- Nvidia is working with Japan’s SoftBank on advanced edge cloud platforms
- The GPU giant believes it has the answer to telco edge function multi-tenancy where 5G is just another software function running in an ‘AI factory’
- It is claiming to have immediate answers to virtual and Open RAN challenges and clearly has Intel in its sights
- But is SoftBank’s immediate eagerness an indication of current telco requirements?
With the interest in AI at fever pitch right now, Nvidia is seeking to capitalise on multiple new business opportunities, and one of those is in the radio access network (RAN), where the graphics processing unit (GPU) giant has clearly spied the ideal opportunity to usurp Intel from its current position as the primary supplier of semiconductor hardware for virtualised telecom applications.
Its pitch? Nvidia has the “accelerated compute” hardware for server architectures that can simultaneously support AI and software-defined 5G functionality in a way that delivers enhanced performance, flexibility, agility and resource efficiency. Not only that, it has – as reported earlier this week – a major network operator, Japan’s SoftBank, that shares its enthusiasm and which is preparing to deploy such an architecture – see Nvidia and SoftBank team on GenAI, 5G/6G platform.
However, while SoftBank is ready to embrace a next-generation edge cloud-oriented platform that can simultaneously support multiple applications, are other network operators ready to do so? Nvidia’s proposition is compelling but, like many compelling offers in the telecom sector, it might just be ahead of its time and be dependent on the acceleration of a few industry trends – edge computing, virtual and Open RAN – that are currently lagging expectations in terms of the pace and size of deployments.
For Ronnie Vasishta, senior VP of telecom at Nvidia, such trends, just like the uptake and use of AI tools, are absolutely happening and are in need of the best possible supporting technology foundations, and that’s not coming from traditional telecom vendors or central processing unit (CPU) vendors (Intel was never mentioned by name during Vasishta’s briefing, it should be noted.
“The CPU has been around for decades and has been open and adaptable but now it is being replaced by accelerated compute systems,” opined Vasishta, and those accelerated compute systems come from Nvidia in the form of its integrated combination of GPU and data processing unit (DPU) elements that have been designed to work together and can then run domain-specific software stacks, whether for robotics or for telecom. (The DPU is a system-on-chip component that combines a multi-core CPU, a network interface card and “flexible and programmable acceleration engines that offload and improve applications performance for AI and machine learning, zero-trust security, telecom and storage, among others,” according to Nvidia).
“All the datacentres are using this accelerated compute architecture – AI is the tipping point, as GenAI is enabling software to become transformational,” stated Vasishta. That the datacentre giants are turning to Nvidia’s hardware is evidenced by the vendor’s recent earnings report – see GenAI fever gives Nvidia a boost.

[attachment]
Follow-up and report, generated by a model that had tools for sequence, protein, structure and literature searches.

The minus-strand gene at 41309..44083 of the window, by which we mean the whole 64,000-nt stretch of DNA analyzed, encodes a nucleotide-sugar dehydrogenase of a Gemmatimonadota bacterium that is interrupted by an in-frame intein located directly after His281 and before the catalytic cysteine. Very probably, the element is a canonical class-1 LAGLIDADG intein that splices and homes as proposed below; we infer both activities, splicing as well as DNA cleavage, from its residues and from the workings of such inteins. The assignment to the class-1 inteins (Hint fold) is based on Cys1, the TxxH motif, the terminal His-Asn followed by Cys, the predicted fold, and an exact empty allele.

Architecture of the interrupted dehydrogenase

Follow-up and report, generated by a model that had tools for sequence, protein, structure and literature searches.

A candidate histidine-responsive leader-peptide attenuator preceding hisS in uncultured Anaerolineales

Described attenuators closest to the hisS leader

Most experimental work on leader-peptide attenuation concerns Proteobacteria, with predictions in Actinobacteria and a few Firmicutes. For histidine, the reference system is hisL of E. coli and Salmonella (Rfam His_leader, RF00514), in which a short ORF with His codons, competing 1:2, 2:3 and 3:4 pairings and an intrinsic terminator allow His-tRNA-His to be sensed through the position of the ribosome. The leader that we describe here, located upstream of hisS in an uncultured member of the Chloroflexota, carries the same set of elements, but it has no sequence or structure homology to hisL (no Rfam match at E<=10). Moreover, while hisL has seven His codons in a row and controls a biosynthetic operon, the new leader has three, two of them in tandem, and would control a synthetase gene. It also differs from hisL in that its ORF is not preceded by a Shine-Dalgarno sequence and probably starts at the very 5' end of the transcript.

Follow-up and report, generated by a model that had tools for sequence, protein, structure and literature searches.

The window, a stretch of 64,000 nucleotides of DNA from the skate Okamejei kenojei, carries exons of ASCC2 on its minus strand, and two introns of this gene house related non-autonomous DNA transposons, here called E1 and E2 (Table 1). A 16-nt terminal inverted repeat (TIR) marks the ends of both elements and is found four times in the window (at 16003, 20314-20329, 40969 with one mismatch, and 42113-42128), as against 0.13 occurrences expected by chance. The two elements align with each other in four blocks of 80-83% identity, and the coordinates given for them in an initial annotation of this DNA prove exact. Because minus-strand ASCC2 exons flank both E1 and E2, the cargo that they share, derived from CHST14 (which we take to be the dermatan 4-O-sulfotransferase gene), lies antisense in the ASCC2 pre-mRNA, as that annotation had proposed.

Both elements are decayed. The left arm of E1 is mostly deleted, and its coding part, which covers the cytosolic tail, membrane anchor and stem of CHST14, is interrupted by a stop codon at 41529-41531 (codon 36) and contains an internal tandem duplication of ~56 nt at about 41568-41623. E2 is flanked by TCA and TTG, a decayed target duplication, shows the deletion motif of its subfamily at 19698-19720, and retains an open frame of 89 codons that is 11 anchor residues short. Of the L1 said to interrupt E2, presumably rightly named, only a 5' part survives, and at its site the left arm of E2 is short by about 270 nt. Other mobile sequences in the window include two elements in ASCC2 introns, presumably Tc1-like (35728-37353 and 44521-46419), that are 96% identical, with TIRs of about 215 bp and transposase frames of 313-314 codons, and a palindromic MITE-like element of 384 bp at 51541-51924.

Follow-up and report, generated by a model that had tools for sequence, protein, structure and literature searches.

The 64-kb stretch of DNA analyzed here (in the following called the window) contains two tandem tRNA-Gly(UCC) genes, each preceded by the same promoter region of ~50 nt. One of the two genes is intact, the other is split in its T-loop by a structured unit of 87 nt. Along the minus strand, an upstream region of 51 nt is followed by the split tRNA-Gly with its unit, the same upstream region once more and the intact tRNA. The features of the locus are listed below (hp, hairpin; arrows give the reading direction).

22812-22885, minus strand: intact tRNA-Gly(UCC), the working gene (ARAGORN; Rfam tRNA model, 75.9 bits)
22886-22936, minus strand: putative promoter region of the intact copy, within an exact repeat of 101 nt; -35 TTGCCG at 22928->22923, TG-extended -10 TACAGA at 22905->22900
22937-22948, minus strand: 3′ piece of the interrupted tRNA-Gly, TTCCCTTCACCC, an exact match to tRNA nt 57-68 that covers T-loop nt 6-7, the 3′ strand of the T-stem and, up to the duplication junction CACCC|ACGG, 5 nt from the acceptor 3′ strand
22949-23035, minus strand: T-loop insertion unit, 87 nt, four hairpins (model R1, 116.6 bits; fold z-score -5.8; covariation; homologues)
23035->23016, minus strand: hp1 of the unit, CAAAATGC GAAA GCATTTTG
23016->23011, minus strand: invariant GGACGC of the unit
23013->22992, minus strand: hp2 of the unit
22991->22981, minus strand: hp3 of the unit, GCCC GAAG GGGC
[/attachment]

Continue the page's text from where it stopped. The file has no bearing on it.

But what about telecom networks? Vasishta doesn’t believe they’re fit for purpose any longer.
“Traditional telecom networks are built for a single purpose: To run networks and meet peak demand so they are over-provisioned,” he noted – that much is admitted by the operators, as we heard during the recent DSP Leaders World Forum – see BT’s Watson: Telcos need to address the ‘overprovision paradox’.
“As GenAI gets used more, so peak demand will grow and this will lead to [even greater over provisioning and] under utilisation,” he added.
The answer is full virtualisation, which the industry has been talking about for about a decade and which is still in development.
“The Nvidia architecture enables 5G to become not only virtualised but also software-defined… That means 5G becomes a software-defined overlay in a datacentre” with an orchestrated software stack that eliminates the overprovision paradox, according to the Nvidia executive.
“Even if the datacentre is only running the RAN at 25% utilisation, the rest can be used for AI processing, and if demand increases for 5G then the resources get re-assigned,” boasted Vasishta.
Well that certainly ties in with many PowerPoint visions, but…
“It’s easy to say but hard to do, but can be achieved using a combination of CPU, GPU and DPU,” and with that architecture, “5G becomes a workload in an AI factory”.
But most of today’s 5G networks are not built and designed like that and, although virtual RAN (vRAN) and Open RAN are being deployed in pockets around the world, it’s still very much a minority play and, according to research house Dell’Oro, early 2023 saw a slowdown in vRAN and Open RAN market growth.
Vasishta, though, is very trend focused.
“Current RAN [systems] perform well and are optimised. But the majority of RAN computer workloads are now moving to server architectures,” he claimed, which is very arguable, unless “now” has a very long timeline.
What is more true, though, is that current vRAN and Open RAN deployments require “purpose-built accelerators to get up to speed. But single-purpose accelerator deployments eliminate cloud economics as they are used only for the RAN – there are no good economics because it is single provisioned,” noted Vasishta, adding that the Nvidia architecture delivers integrated in-line acceleration by design and which is also multi-purpose – the same accelerator is used for AI” as well as to support 5G, including Open RAN specifications. In addition, “the same hardware used for public cloud, private cloud and distributed cloud,” added the Nvidia man, who then took a giant leap of faith.